Friday, December 07, 2007

Law & Gospel: Are we clear about the covenants?

Confusing law and gospel leads to soul destroying theological error. There is, however, no confusion in Scripture about this. The distinction is there in the text, it can be arrived at exegetically. Reformed theologians in the sixteenth and seventeenth centuries did not invent two systematic categories called the "covenant of works" and the "covenant of grace" and impose them on Scripture. No, as they looked at the texts that spoke of God's covenants they saw two different types of covenant. Horton helpfully summarizes it this way:

The deepest distinction in Scripture is not between the Old and New Testaments, but between the covenants of law and the covenants of promise that run throughout both.

The two covenant traditions are distinguished both in form and content. There is a covenant of law (the prelapsarian covenant with humanity in Adam as well as the Sinai covenant), according to which each and every person swears to personally fulfill the stipulations.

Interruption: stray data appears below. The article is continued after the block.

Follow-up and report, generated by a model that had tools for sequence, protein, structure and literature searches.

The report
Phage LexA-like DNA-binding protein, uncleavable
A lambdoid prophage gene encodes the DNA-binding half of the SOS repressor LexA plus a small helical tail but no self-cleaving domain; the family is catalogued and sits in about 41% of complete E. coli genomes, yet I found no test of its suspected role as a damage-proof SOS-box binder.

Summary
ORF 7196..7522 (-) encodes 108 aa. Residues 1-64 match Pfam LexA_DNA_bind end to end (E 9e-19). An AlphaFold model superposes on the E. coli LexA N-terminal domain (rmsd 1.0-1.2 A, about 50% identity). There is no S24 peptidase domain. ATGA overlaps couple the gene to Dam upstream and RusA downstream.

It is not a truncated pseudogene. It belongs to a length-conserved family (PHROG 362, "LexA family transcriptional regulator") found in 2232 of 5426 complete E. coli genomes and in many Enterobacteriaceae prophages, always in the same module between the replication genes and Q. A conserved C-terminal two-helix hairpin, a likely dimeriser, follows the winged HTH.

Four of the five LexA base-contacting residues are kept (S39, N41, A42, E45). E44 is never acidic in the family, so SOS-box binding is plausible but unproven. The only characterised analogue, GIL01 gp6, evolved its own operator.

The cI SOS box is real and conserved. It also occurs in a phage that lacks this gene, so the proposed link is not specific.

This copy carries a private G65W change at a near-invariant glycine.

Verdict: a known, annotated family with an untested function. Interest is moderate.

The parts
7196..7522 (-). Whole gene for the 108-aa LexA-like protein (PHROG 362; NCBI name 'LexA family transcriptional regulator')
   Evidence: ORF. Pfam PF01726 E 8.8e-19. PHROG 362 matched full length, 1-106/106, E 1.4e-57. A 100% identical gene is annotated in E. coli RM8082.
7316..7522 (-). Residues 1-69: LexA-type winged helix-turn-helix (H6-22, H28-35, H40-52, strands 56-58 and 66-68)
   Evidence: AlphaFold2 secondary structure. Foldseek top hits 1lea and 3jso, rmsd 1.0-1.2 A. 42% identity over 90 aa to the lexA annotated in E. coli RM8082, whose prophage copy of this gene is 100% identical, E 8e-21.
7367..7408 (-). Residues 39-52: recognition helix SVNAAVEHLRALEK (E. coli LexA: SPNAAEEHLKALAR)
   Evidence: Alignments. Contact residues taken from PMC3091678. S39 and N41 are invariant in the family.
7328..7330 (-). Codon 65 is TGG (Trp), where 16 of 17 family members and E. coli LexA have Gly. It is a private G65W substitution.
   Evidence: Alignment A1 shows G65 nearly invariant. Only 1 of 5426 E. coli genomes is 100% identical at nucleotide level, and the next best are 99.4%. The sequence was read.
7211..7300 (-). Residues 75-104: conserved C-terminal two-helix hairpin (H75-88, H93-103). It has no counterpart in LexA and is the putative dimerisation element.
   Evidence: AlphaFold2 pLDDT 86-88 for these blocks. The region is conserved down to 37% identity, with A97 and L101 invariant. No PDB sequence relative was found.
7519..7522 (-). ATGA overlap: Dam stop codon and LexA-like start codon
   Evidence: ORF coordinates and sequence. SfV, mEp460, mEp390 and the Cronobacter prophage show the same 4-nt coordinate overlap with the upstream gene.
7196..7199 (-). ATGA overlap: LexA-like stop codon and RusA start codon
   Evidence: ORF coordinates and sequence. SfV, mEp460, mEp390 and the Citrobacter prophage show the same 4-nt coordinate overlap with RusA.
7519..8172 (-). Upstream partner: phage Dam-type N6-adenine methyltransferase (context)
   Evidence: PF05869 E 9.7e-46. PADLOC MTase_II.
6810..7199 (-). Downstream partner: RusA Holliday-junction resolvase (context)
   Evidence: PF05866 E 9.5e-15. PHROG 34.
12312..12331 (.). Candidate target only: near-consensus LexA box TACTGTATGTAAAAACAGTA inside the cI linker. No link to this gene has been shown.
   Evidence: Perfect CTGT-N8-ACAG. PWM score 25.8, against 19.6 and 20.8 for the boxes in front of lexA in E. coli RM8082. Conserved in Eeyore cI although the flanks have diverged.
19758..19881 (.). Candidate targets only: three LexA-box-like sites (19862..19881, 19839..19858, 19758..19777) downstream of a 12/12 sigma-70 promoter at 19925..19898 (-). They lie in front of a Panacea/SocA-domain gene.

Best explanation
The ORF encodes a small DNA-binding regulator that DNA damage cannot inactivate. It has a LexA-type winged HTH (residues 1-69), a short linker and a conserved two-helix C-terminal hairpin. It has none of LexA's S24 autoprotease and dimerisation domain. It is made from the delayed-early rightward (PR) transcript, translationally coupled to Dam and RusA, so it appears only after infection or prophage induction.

There is also a covenant of promise (including the promise made to Adam and Eve after the fall, to Abraham and Sarah, Noah, David, and the new covenant), according to which God swears to bring redemption through the promised heir (seed).

These two covenants traditionally are united by many bonds, yet always remain distinguished. As we will see, they come into sharp contrast only when the question is raised as to the justification of the ungodly.

Michael Horton, Covenant and Salvation: Union with Christ, p. 17-18


Dave K said...

These are genuine questions, because I have only recently come across this idea in such a clearly described way, and I'm still trying to make my mind up about it. I wonder does Horton have an answer for them... or do you? If so I would really appreciate your answers.

Does this viewpoint mean that there were no elements of the covenant of promise within the Sinai covenant (e.g. in the Sacrifices)?

Is this viewpoint really more Lutheran rather than Reformed? I have been reading a little about Luther (and Lutheranism) recently and this seems to be quite Lutheran and quite different to most Reformed writing I have ever read (which is largely Calvin and contemporary writers).

I've recently bought 'God of Promise' by Horton so hopefully that will answer some of my questions.

Martin Downes said...

Hi Dave,

"God of Promise" will answer both of those questions.

There were elements of the covenant of promise in the Sinai covenant that were typological of the work of Christ (land, temple, sacrifices).

On this point there is a common, core, Reformation voice. Just read Horton.